A 'new Greece' beams after success of Games

As Greeks get a boost, it remains unclear if success will mean higher stature in Europe.

As the Olympic Games closed Sunday and foreign visitors streamed home, Greeks were savoring the success of the event so many had said they could not manage, and measuring themselves against new standards.

After suffering nearly a century of self-doubt, uncertainty about its place in the world, and a stunted economy, Greece has set an Olympic seal on its transformation over the past two weeks, say many analysts here.

"A new Greece is emerging," exults Theodore Couloumbis, a prominent political commentator. "Out of the cocoon, a worm is turning into a butterfly."

"We delivered," adds Athens Mayor Dora Bakoyianni proudly. "We surprised everyone by delivering, and we feel very good about ourselves doing so. It is very important for the self-esteem Greeks have felt."

Some wonder how long the signs of the "new Greece" will remain visible now that the Games are over and the world's eyes turn elsewhere. Drivers will go back to their old bad habits once there are fewer policemen to enforce the law, they predict, and a traditionally lackadaisical work ethic will creep back now that there are no urgent deadlines.

Even the government spokesman, Theodoros Roussopoulos, admits that he "cannot say if the changes will last, but we want to try." But the government "wants to force things to go faster and simpler, and the Olympics will help" he predicts.

Preparing and running the Games "was a lesson in organizing and rationalizing, and I hope some of this organization and rationalization will permeate our life," says Nikos Dimou, an author and commentator. "The fact that we suddenly had to conform to a different code of behavior - I hope it will last, but I doubt whether you can change things in three or four weeks."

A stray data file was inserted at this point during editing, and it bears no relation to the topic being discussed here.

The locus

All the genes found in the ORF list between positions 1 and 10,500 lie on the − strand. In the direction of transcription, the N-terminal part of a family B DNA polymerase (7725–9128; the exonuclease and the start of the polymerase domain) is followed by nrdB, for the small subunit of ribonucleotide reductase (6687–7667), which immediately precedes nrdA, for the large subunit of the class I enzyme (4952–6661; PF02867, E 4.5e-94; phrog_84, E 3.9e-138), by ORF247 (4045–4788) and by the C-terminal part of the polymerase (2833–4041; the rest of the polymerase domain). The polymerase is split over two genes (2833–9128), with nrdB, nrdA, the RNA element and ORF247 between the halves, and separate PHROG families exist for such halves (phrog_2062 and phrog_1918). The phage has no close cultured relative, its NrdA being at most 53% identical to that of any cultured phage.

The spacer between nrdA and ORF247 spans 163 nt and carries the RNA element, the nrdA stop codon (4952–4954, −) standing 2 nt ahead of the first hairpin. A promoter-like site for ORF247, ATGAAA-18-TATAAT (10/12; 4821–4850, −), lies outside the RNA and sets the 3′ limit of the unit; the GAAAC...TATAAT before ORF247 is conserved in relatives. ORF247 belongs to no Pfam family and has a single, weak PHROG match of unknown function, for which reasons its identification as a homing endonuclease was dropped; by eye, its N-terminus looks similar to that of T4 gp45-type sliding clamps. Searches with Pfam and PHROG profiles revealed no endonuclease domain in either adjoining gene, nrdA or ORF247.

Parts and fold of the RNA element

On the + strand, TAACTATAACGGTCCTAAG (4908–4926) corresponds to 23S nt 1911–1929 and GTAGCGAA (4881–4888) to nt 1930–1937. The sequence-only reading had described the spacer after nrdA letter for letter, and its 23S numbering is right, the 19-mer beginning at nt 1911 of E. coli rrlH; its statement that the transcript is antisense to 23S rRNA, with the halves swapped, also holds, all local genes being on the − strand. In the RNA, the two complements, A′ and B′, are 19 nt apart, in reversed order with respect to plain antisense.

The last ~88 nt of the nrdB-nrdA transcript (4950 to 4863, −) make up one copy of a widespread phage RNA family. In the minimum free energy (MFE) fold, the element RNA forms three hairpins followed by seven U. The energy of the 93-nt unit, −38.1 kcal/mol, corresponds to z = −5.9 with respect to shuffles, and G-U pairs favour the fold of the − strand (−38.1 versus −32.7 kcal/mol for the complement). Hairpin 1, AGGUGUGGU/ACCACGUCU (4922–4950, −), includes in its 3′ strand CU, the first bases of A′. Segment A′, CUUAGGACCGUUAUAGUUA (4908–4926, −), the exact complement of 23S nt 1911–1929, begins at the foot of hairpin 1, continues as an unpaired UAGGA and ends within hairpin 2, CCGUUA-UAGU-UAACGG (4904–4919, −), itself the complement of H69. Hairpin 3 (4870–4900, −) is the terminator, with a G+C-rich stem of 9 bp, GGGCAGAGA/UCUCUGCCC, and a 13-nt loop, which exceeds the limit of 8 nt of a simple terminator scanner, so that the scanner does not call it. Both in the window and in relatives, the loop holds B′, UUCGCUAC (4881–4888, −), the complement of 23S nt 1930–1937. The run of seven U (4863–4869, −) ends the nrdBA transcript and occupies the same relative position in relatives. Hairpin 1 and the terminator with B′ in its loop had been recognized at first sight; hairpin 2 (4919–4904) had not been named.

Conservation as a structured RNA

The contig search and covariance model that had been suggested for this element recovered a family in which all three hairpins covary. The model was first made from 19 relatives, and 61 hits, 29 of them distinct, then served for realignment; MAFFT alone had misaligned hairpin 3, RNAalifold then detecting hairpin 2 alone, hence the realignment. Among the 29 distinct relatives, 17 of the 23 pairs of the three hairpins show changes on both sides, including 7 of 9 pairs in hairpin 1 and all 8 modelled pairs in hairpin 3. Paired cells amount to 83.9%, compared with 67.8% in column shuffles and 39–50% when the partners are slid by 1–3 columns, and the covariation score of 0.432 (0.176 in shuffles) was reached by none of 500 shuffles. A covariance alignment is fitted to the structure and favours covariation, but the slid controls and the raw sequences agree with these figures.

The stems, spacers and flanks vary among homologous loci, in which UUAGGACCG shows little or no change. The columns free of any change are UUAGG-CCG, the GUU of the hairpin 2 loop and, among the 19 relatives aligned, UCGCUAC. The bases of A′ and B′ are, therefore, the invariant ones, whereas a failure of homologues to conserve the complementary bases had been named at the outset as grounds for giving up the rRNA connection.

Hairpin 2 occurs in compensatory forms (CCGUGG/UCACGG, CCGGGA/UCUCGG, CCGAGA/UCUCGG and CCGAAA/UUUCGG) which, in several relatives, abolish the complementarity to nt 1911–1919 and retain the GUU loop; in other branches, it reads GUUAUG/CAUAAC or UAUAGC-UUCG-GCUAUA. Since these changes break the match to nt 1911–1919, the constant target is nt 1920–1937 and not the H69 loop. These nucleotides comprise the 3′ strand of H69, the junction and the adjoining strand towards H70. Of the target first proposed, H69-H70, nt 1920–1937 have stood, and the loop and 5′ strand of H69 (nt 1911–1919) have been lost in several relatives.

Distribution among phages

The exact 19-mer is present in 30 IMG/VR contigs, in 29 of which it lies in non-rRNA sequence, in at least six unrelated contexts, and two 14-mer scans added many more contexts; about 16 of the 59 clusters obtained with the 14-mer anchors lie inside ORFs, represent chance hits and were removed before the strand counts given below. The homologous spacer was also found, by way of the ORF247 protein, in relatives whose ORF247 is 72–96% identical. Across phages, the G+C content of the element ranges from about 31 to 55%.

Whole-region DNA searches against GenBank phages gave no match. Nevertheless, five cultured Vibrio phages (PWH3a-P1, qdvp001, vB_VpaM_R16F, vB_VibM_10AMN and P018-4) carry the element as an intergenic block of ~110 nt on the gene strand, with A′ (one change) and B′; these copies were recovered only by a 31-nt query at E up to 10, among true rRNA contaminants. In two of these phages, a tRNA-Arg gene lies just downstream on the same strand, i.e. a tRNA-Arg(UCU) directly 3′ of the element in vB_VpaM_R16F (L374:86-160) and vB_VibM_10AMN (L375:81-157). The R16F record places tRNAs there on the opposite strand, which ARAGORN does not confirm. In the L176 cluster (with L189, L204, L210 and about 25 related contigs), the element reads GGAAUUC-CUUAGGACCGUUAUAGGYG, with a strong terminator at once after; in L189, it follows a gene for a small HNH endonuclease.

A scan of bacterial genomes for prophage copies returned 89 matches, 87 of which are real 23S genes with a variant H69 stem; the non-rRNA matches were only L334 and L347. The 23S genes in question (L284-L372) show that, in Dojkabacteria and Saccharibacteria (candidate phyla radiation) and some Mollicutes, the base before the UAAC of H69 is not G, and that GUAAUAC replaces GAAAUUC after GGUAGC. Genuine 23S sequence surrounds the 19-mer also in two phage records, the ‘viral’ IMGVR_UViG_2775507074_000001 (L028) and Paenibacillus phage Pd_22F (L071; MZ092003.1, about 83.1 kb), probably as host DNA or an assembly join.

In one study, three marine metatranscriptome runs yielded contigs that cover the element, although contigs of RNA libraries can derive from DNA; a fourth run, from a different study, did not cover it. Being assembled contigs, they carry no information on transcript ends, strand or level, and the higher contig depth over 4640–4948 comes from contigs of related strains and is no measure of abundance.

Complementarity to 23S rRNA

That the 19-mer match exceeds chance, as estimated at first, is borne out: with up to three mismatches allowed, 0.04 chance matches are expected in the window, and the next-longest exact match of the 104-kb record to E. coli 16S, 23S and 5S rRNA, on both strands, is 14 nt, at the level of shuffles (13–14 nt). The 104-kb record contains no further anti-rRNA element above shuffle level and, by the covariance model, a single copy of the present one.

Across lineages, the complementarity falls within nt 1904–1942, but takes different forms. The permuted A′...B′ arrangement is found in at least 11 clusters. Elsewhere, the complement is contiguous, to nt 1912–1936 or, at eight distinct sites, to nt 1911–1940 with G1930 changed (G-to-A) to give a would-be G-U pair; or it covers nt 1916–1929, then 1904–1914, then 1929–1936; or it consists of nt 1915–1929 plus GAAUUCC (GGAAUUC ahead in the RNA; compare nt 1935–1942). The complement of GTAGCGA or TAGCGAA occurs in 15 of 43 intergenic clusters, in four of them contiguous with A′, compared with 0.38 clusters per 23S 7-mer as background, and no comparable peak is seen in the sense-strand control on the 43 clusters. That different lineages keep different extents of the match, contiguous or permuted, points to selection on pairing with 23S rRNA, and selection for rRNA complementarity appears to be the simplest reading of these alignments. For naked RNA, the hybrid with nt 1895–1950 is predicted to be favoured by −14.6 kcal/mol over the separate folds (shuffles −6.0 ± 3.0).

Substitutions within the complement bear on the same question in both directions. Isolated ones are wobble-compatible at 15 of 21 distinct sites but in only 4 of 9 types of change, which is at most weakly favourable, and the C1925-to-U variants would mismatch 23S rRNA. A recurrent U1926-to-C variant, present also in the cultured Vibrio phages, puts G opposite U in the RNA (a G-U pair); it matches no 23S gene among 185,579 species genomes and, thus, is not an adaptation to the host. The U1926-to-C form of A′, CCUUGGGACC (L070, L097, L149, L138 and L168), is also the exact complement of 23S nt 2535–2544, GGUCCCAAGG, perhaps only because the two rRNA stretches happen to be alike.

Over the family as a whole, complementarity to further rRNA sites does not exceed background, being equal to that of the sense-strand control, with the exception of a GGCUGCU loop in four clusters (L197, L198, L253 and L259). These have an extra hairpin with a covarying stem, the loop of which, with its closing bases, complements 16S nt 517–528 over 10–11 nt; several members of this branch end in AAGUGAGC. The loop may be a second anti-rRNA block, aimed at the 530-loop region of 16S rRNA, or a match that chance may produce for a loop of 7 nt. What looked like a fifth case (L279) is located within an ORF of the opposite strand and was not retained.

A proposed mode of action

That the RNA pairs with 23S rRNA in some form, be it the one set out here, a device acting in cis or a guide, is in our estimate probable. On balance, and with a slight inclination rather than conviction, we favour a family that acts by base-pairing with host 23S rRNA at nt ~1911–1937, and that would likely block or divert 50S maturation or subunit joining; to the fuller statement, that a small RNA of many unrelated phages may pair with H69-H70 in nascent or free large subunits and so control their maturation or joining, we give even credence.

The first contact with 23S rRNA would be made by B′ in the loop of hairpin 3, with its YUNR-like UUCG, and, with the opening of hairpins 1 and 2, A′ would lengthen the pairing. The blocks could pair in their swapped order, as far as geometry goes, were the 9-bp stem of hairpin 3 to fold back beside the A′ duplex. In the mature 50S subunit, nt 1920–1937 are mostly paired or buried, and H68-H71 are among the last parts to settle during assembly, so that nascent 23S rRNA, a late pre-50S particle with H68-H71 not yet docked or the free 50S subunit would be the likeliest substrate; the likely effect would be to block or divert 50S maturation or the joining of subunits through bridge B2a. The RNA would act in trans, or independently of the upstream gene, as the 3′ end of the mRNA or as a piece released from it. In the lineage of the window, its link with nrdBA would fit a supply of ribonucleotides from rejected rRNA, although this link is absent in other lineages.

A more tangible legacy of the summer Games that will certainly last is the impressive range of infrastructure projects that have changed the face of Athens and other parts of the country in recent months, as workers raced on triple shifts against the clock to finish them on time.

They range from the dramatic Harilaos Trikoupi bridge linking the western Greek mainland to the Peloponnese - the longest cable-suspended bridge in the world - to new sports facilities, a new metro line, and a new airport outside Athens.

Intriguingly, all these massive projects were partly the fruit of foreign input: the dramatically swooping roof over the main athletics stadium was designed by a Spanish architect, Santiago Calatrava; a French company designed and built the new bridge; a German firm built and manages the airport; and the metro was largely financed by the European Union.

At the same time, a German coached the national soccer squad which unexpectedly won the Euro Cup in Portugal earlier this summer, igniting the flame of national pride.

In a country long suspicious of foreigners, accustomed to thinking of itself as "a brotherless nation" in the words of the last president, Christos Sartjetakis, this is new, points out Wayne Merry, an expert on Greece at the American Foreign Policy Council in Washington.

"Twenty years ago Greeks would have been very uncomfort- able with that level of foreign involvement" in matters of national import, says Mr. Merry. The wide acceptance of outside assistance "reflects the way young Greeks consider themselves European," he adds. "They accept a role as a small country in a larger entity. Greece has matured as a modern European country."

That maturity has enjoyed a confirming boost from the success of the Olympics, some suggest. "This summer may have an effect on the way we see ourselves, and make Greeks more secure and sure of themselves," says Mr. Dimou. "Psychologically speaking, there are positive effects."

Almost since they won their independence from the Turkish Ottoman empire in 1832, Greeks have been unsure of themselves, divided to the point of civil war over whether they belong to the East or the West.

Although the Greek Orthodox church remains a powerful anti-Western force in society, the two major political parties and the vast majority of Greeks now agree on the country's European orientation, leaving only members of Europe's last hard-line Communist party to oppose European Union membership.

The physical changes Athens has undergone for the Olympics symbolize this: A decade ago the city looked like a Balkan capital, chaotic and run down; today, it is clearly a European capital.

"We have abandoned the mentality of being a peripheral dependent country for the mentality of being in the center and being interdependent," explains Professor Couloumbis.

That, says Merry, marks "a coming of age" for Greece.

"Well," ripostes Mayor Bakoyianni, "we are 3,000 years old."

Coral Davenport contributed to this report.

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